postheadericon Meditation for the Masses

Meditation’s beneficial attributes are supported by well documented and incontrovertible evidence. And the evidence is overwhelming. But what I’m interested in most about meditation, as I suspect many people are, is how meditation is relevant to daily modern life in concrete practical ways. I’m less interested in why it works or following traditional forms and rituals associated with meditation as I am in showing people that it can be very useful when integrated seamlessly into their daily routine.

Meditation can be hugely helpful to college students. The perception many people have of college students is of young people having the time of their lives and completely carefree. The truth is that college students have a lot on their plates. Students taking college classes, whether getting a B.A. in English on a traditional college campus or pursuing an associate degree in nursing online have to multi-task constantly. Taking a half hour to clear the mind and meditate is often an excellent antidote to a hectic student schedule. Think of it as a traditional study break but with better benefits. This is especially helpful during exam preparation when the brain feels overloaded with too many facts to possibly remember them all. Taking the time to meditate in a quiet place works wonders for the brain’s ability to recall information.

Meditation benefits people who have a problem with anxiety. The root causes of over-anxiety in individuals are often not irrational at all. Anxiety can be a completely natural reaction to the brain’s inability to problem solve. Our brains are sorting and sifting information all the time. Our ability to evolve alongside dangerous animals for millions of years depended on our brain’s highly developed ability to instantly identify danger and act accordingly. When we sleep our brains process information; perhaps as part of the dreaming process which allows us to learn. That’s why people will present you with a situation or problem and then say “why don’t you sleep on it and we’ll talk about it later.” It’s just intuitive that sleep helps us solve problems. Meditation seems to mimic some of the problem solving capacity of sleep. In the same way that meditation study breaks can help students retain information during exam preparation, frequent meditation for anxious individuals may help them identify root cause of anxieties.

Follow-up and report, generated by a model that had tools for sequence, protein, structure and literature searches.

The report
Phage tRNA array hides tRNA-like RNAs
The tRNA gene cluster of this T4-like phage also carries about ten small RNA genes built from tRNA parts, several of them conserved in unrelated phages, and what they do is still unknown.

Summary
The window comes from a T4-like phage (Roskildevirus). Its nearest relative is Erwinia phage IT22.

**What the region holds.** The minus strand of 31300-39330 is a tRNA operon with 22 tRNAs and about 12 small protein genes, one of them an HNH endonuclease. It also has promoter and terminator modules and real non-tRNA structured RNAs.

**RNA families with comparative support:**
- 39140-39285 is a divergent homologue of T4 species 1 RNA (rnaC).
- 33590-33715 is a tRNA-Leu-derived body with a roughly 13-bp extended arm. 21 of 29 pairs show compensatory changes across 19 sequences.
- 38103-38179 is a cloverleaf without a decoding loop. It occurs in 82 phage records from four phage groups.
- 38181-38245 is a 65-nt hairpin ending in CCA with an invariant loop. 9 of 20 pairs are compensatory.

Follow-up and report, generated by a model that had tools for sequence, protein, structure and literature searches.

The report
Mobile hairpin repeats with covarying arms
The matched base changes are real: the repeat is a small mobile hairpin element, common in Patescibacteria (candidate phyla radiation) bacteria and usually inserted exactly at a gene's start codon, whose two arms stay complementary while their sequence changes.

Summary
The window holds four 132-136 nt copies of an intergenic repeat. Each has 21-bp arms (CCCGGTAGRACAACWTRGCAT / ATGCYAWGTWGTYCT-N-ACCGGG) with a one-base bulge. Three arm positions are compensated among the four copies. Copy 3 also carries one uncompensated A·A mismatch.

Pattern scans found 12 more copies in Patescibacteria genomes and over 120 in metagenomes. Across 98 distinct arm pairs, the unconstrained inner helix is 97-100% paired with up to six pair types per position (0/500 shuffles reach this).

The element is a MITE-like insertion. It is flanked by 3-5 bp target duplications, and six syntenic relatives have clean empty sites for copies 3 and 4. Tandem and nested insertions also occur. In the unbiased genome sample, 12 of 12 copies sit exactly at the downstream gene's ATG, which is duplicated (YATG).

Meditation is an especially useful tool for senior citizens. All of the research which shows that brain deterioration can be dramatically slowed by meditation is also supported in peer reviewed studies as well as brain scans. That’s been established. What I’m more interested in is the effect of meditation on physical ability in senior citizens and most importantly the impact on sense of wellbeing. Elderly people who have incorporated meditation into their daily routines have greater physical ability and stamina than those that don’t. That’s easy to measure. It’s hard to say for sure though whether this is a causal relationship or a correlation to other factors. It’s possible, for example, that an older person who has practiced meditation for years has also engaged in other healthy lifestyle choices such as healthy diet and vigorous physical exercise. Wellbeing is an intangible thing. That makes it hard to measure. However, older folks who meditate frequently report experiencing higher levels of wellbeing than those who don’t. Everybody can find an extra half hour for meditation too. And it doesn’t cost anything.

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